Photo Credit:
US President Barack Obama and US President-elect Donald Trump in the Oval Office on November 10, 2016.

If one were to make a chart with numerous issues and laws on the one side and the views of Presidents Obama and Trump on the other, the outcome would be near-complete opposites.  On a wide range of issues from the Paris Climate Accords, the “Iran Deal”, the Trans-Pacific Partnership, taxes, business regulation, the role of government, the Second Amendment, abortion, and on and on, President Obama and President Trump exhibit nearly complete opposite viewpoints.  Yet, there appears to be one issue that unites these last two presidents:  support of the Palestinian Authority (PA) and the PLO at the expense of American citizens harmed by Palestinian terrorists.

The Palestinian Authority was meant to be a temporary, quasi-governmental body that would serve to bridge the Israeli administration of the “Palestinian territories” to a full-fledged state of Palestine.  How could such a transient body have just celebrated its 25th anniversary last year with a leader who has stayed in office ten years beyond his legal mandate?  The problem is that the Palestinian leadership does not want to settle for the mini-state of Gaza and the West Bank being offered them.  They want either the whole “river to sea” business (which would include Israel) or they want Israel to be filled with generations descended from original Palestinian refugees, so that in a short time Israel would no longer be a Jewish state.  The result has been no success in moving from the PA to the state of Palestine, though several Israeli leaders proposed final arrangements, which were rejected by Yasser Arafat and Mahmoud Abbas, each in his time.


If the Palestinian Authority has failed to morph into a full-fledged state, why are Israel and the US so enamored with it?  The reason is simple:  because the alternatives appear much worse.  If the Palestinian Authority were to go out of business, ostensibly several horrible options could arise.  Israel could go back and “occupy” the same lands.  Israel is not interested in running schools, administering hospitals, patrolling the streets, and the like.  Not having to run Gaza is one of the major reasons Israel has avoided going into Gaza with large numbers of troops:  Israel does not want to rule over Palestinian areas even if it means that it cannot stop the rocket fire on its cities.  But if the PA is gone and Israel does not want the job, what would happen?  Hamas might take over, which would mean that Iran would be well-entrenched right at Israel’s front door.  Alternatively, a humanitarian crisis could ensue, as there would be no order or policing.  Thus, Israel and the US are desperately tied to the Palestinian Authority, and when the latter makes noises about going broke or not continuing, both countries enter a spasm of activity to ostensibly prop up and save the last defense against Israeli re-occupation, Hamas or total mayhem.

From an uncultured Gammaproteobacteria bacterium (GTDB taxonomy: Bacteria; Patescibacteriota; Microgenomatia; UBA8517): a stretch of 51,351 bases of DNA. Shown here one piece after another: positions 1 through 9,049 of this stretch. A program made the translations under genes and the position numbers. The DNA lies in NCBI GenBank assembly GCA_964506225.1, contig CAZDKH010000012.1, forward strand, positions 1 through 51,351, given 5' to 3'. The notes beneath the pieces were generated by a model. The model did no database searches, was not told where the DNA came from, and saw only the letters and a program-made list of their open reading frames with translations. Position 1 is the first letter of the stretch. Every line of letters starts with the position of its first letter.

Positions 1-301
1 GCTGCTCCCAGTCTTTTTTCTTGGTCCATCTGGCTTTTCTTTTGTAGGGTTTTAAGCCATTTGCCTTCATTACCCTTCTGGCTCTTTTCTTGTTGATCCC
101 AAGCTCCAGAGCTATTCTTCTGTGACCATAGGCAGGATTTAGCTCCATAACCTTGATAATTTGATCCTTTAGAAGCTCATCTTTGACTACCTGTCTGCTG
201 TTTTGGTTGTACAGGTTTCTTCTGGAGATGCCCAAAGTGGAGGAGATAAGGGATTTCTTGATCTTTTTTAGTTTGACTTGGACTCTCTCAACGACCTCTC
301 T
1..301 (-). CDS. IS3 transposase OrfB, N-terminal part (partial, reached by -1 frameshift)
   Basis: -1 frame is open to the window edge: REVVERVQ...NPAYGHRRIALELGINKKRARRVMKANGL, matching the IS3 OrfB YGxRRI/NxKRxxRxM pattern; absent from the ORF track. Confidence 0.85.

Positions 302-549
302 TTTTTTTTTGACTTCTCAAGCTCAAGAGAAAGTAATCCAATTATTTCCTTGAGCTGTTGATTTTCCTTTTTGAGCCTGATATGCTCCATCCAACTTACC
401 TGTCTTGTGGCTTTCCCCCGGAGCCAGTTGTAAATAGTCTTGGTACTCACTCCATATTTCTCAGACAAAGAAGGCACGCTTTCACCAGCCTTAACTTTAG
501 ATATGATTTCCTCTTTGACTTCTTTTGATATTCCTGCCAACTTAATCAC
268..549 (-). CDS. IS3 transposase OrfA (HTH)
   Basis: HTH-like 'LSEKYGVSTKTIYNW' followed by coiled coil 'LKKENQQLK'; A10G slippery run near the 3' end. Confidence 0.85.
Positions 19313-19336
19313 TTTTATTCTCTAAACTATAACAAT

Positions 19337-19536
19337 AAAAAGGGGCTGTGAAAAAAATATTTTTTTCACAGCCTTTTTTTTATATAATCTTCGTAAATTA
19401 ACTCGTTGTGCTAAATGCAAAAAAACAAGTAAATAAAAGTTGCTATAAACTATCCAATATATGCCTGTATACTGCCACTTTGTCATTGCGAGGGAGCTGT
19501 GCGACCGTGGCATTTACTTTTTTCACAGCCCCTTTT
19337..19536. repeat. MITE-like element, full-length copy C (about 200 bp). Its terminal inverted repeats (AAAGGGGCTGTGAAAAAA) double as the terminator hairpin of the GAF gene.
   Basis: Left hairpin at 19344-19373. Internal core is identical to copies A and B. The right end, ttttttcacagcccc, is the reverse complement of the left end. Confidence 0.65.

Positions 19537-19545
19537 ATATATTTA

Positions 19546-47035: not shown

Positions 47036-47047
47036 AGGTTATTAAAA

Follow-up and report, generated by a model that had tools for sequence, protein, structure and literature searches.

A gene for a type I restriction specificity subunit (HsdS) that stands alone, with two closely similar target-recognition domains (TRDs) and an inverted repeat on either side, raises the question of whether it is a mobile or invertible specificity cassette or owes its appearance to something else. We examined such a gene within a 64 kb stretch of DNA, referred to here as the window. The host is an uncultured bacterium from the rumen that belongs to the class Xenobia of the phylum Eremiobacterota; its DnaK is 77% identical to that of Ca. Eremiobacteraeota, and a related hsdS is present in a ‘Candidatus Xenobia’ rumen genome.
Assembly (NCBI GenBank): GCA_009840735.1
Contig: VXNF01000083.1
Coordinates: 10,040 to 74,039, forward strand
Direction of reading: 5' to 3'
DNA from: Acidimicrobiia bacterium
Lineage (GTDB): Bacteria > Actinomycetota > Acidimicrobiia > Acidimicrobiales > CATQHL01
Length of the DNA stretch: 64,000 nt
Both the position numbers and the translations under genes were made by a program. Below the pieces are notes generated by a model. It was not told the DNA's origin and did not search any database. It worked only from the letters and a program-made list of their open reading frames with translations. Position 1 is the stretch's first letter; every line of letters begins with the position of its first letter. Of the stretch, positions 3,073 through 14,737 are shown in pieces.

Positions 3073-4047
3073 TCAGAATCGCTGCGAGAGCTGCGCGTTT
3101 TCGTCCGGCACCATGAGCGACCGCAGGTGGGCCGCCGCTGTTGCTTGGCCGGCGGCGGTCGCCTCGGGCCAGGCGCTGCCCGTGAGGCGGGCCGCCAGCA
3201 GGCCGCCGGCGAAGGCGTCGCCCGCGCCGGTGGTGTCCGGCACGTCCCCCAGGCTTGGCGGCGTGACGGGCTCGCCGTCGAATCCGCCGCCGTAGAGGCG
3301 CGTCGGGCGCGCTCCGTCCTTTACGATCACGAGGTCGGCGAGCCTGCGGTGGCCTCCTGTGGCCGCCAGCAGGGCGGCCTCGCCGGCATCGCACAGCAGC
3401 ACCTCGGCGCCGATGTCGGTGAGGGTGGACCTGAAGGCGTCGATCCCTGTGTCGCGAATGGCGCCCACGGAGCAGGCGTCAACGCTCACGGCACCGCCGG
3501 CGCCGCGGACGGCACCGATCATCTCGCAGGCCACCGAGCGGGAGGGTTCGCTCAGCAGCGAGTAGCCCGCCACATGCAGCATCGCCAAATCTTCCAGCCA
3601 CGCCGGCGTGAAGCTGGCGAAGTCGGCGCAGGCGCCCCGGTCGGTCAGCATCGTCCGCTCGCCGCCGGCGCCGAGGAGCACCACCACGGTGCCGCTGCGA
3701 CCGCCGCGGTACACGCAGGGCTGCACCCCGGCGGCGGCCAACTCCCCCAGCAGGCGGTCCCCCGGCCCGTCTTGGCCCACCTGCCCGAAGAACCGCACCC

This pathological need to keep the PA afloat thus unites all administrations going back as far as the days of Bill Clinton.  While John Kerry, as Secretary of State, came in on the side of the Palestinian Authority in the case of Sokolow v. PLO, of which I am a plaintiff, his opposite number, Mike Pompeo, has now come in for the PA in our appeal of the same case.  How could secretaries of State with such different outlooks and such different bosses both come down on the side of people who were shown in Federal court to have wantonly killed and maimed American citizens?  The answer is that the PA is the only game in town and American and Israeli leaders are terrified that American citizens might bankrupt this corrupt organization.  Our trebled jury judgment in the Sokolow case was $655.5 million dollars; this judgment was thrown out when the PA was defined as not “at home” in the US for the purpose of terror victim lawsuits.  A corrective law, the Anti-Terror Clarification Act (ATCA) passed both houses of Congress unanimously and was signed into law in October.  One of its requirements is that any group receiving US funds agrees to be held to US anti-terrorism laws.  President Trump signed the law and everything was fine for a whole two months.